Birgitta Johnson on Praise and Worship Music
Praise and worship music can lift worshipers’ hearts to God and unite people across culture, religious tradition, and background. But the genre is not meant to be the only kind of music in a congregation’s repertoire.
Birgitta Johnson teaches world music, African American music, African music, and ethnomusicology at the University of South Carolina in Columbia, South Carolina. She publishes widely and for years has researched music in black megachurches and the rise of praise and worship in African American congregations. In this edited conversation, she addresses stereotypes about praise and worship music.
How is congregational singing different from other kinds of singing in church worship?
Congregational singing is a sonic dimension of worship that engages everyone who is assembled. From a vertical perspective, it provides both a personal and corporate experience of offering worship to God. From a horizontal perspective, congregational singing is also a way for people to minister to each other.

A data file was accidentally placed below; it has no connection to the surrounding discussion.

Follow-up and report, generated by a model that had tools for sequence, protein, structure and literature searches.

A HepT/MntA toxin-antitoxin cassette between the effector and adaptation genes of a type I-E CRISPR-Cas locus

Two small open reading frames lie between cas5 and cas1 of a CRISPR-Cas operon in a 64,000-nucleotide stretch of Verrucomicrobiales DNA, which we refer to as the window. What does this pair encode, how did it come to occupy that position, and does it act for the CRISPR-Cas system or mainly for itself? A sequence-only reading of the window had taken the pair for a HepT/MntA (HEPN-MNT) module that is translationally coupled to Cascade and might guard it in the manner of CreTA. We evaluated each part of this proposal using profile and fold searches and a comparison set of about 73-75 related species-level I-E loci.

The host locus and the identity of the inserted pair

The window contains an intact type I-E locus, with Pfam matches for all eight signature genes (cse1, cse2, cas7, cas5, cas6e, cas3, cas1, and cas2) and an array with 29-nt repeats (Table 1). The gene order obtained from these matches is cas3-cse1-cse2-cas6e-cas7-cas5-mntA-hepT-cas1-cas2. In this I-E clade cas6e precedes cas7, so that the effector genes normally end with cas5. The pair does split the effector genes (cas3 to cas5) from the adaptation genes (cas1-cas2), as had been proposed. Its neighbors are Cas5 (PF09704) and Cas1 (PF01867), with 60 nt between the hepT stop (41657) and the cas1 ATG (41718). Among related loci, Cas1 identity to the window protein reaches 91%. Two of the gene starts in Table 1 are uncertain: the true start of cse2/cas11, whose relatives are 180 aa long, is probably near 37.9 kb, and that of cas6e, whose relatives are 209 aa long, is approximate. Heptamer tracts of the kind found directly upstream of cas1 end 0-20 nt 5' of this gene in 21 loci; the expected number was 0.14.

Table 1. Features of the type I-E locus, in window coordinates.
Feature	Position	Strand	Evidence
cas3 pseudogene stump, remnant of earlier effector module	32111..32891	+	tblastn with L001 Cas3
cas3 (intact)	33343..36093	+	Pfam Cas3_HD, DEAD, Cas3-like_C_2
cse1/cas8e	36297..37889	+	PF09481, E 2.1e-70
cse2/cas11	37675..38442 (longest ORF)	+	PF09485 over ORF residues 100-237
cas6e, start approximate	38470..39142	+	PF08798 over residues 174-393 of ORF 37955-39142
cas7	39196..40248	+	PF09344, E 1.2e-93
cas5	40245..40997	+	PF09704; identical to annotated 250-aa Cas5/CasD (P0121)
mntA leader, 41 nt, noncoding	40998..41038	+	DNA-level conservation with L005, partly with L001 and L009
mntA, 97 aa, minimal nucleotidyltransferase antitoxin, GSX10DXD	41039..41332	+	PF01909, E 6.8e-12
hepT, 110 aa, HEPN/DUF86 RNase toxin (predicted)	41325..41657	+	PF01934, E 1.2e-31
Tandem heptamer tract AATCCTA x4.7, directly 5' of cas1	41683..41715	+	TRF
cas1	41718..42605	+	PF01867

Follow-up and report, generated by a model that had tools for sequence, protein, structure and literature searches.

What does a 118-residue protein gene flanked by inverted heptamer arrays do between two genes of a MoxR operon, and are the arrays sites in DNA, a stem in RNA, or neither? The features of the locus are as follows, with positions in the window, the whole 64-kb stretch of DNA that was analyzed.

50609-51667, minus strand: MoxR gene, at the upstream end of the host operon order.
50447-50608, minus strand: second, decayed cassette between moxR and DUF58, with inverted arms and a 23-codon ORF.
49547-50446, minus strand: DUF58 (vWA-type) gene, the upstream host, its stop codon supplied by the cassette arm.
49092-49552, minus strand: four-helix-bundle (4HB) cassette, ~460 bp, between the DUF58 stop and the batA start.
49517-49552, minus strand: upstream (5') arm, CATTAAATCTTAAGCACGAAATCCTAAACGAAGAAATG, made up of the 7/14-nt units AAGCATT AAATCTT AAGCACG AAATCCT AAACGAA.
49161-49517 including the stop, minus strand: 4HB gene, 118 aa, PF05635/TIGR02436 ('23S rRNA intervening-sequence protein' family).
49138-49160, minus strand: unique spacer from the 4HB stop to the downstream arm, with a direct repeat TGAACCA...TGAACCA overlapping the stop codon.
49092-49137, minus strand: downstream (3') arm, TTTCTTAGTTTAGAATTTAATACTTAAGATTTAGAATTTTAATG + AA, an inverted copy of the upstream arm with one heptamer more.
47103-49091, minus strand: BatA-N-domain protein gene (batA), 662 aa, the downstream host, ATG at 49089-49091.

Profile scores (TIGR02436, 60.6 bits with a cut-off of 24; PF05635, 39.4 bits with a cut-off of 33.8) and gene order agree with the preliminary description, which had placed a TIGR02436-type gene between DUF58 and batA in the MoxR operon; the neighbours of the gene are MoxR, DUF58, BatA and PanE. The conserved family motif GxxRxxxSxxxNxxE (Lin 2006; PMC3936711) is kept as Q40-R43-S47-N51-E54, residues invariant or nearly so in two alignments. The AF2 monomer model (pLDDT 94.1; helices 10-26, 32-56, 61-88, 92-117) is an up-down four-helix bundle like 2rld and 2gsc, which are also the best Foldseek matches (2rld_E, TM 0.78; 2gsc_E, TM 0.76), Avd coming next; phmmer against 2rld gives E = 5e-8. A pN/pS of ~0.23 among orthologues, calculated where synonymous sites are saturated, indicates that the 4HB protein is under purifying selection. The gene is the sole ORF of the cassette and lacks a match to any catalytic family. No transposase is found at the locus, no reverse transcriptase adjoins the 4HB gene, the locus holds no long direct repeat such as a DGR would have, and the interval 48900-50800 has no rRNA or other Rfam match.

Imagine singing the classic hymns “Amazing Grace” or “O for a Thousand Tongues to Sing” with your whole congregation. If the choir leads the song or even if there is no choir, a congregation usually can join their voices to proclaim “how sweet the sound” and “spread through all the earth abroad” the honors of God’s name. Other genres that lend themselves to spotlighting skilled soloists or complex arrangements sometimes can put congregations in spectator roles during musical worship.
What distinguishes praise and worship music from other church music genres?
While praise and worship music draws from a variety of sacred and secular genres, both sacred and secular, its distinguishing hallmarks are its focused lyrical content and singable melodies. Most praise and worship lyrics are keenly focused on the praise, adoration, reverence, and worship of God from a believer’s perspective. Song writers often use melodies and minimal harmony not only to draw people in but to encourage communal singing and worship. Contrary to the stereotype that worship songs are slow and praise songs are fast, praise and worship music isn’t about tempo, rhythm, or even style. Singing praise and worship music as a congregation is a way to help everyone get on the same page musically and intentionally set aside time in the order of service to encounter God as one united body.